Busy Weather Week . . . Both on Earth and Elsewhere

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Winter to the west, summer to the east…dangerous day in the middle.

We’ve been tracking the weather system moving into the Plains today since last week when it was battering the West Coast. Over the last 10 days this cold front has been the boundary between winter (four feet of snow this past weekend in California’s Sierras) and spring — scratch that — between winter and summer (look no further than the hundreds of new record high temperatures over the past week and the mid-June conditions in places like Minnesota and Ohio). Today heralds the next phase of this system.

The three main global computer models (GFS, ECMWF and the Canadian) are all in relative agreement concerning the weather system in the Plains. Last week, this was not the case. Click to enlarge.

As is typical this time of year, heat and humidity are abundant across the Plains, as well as in areas such as the South and the Midwest — although not usually to this degree (literally). Like a shotgun being locked and loaded, this air mass is just waiting for the hammer to fall. The cold front is the hammer and as it continues moving eastward it applies more and more pressure on the trigger.

The severe thunderstorm threat. Click to enlarge. Image: ImpactWeather

Like last week, ImpactWeather’s StormWatch team continues to warn of excessive rainfall, severe thunderstorms and tornadic activity. Additionally, strong winds, flash flooding and frequent lightning will be an issue — not only today, but tomorrow and to a lesser degree Wednesday.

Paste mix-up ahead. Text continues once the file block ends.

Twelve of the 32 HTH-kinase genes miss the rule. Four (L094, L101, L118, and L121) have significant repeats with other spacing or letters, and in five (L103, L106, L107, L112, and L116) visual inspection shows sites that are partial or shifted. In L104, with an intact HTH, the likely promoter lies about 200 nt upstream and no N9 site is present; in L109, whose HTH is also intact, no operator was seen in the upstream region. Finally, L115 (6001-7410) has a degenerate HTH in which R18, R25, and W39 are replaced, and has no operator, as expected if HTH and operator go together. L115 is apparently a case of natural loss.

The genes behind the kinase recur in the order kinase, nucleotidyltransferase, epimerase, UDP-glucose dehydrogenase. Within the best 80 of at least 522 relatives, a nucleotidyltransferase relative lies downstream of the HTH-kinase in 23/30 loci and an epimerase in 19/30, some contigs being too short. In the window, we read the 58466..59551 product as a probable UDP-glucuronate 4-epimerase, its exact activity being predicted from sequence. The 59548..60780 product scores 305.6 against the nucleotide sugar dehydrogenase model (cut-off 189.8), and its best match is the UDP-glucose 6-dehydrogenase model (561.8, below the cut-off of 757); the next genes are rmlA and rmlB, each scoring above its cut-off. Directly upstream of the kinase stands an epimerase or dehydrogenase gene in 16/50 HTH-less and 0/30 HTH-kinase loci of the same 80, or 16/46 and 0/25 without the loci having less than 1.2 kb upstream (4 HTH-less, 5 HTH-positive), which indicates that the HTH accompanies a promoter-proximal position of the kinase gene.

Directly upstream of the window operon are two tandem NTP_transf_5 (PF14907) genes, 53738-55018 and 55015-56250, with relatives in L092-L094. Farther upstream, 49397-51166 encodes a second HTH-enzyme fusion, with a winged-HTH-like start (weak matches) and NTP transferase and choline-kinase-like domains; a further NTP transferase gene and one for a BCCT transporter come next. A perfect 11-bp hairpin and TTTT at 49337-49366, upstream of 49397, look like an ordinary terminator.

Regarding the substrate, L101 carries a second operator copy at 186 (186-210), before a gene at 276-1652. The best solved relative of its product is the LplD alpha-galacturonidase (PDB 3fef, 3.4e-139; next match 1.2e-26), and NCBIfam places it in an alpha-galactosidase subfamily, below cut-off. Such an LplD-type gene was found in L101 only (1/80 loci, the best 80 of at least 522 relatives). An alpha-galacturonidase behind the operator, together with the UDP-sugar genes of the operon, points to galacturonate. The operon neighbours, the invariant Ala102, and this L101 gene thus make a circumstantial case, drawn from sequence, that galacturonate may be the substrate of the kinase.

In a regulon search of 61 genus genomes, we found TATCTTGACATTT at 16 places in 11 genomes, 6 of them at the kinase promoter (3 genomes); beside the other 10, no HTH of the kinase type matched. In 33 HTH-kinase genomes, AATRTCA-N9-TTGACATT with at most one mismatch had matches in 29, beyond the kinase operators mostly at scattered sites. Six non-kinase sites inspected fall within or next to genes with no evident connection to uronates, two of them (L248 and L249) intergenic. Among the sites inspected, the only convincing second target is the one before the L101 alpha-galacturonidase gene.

The excessive rainfall threat. Click to enlarge. Image: ImpactWeather

In what may be a surprise move when considering typical springtime cold fronts, this one does not march across the country from coast to coast. As a testament to the strength of the high pressure system sitting over the eastern half of the country, the cold front reaches the outer edges of the high pressure and begins to crumble from the Great Lakes to the southern Plains. That said, showers across the Midwest and a disruption of the heat transfer from Texas will allow a return to seasonal, even below-seasonal temperatures to this region — what was bikini season yesterday will be sweatshirt and jacket season in a few days.

As if you needed more to stimulate your senses, there’s lots going on if you turn your attention spaceward. First, we have the spring, March or vernal equinox occurring tomorrow (0541 UTC). The equinox marks the first day of spring, so all of you enjoying the beaches of Illinois, Wisconsin and Minnesota remember that today is the last day of winter. The spring equinox occurs when the sun is directly over the Equator and halfway on it’s trip to the Tropic of Cancer and the summer solstice.  Next is the new moon which occurs Thursday. Also, perhaps you can take advantage of the dark sky (thanks to the dark moon) and see the conjunction of Jupiter and Venus. This is ongoing for a couple of weeks and occurs when the two brightest planets come to within three degrees of each other. And if you can wait until the 25th and 26th, you’ll see the partial moon near the two planets — that will be quite a sight so let’s hope for clear skies.

What's a Jupiter-Venus conjunction look like? Click the image for a larger size. Photo: Wikipedia

Another conjunction picture from NASA and APOD - astronomy picture of the day.

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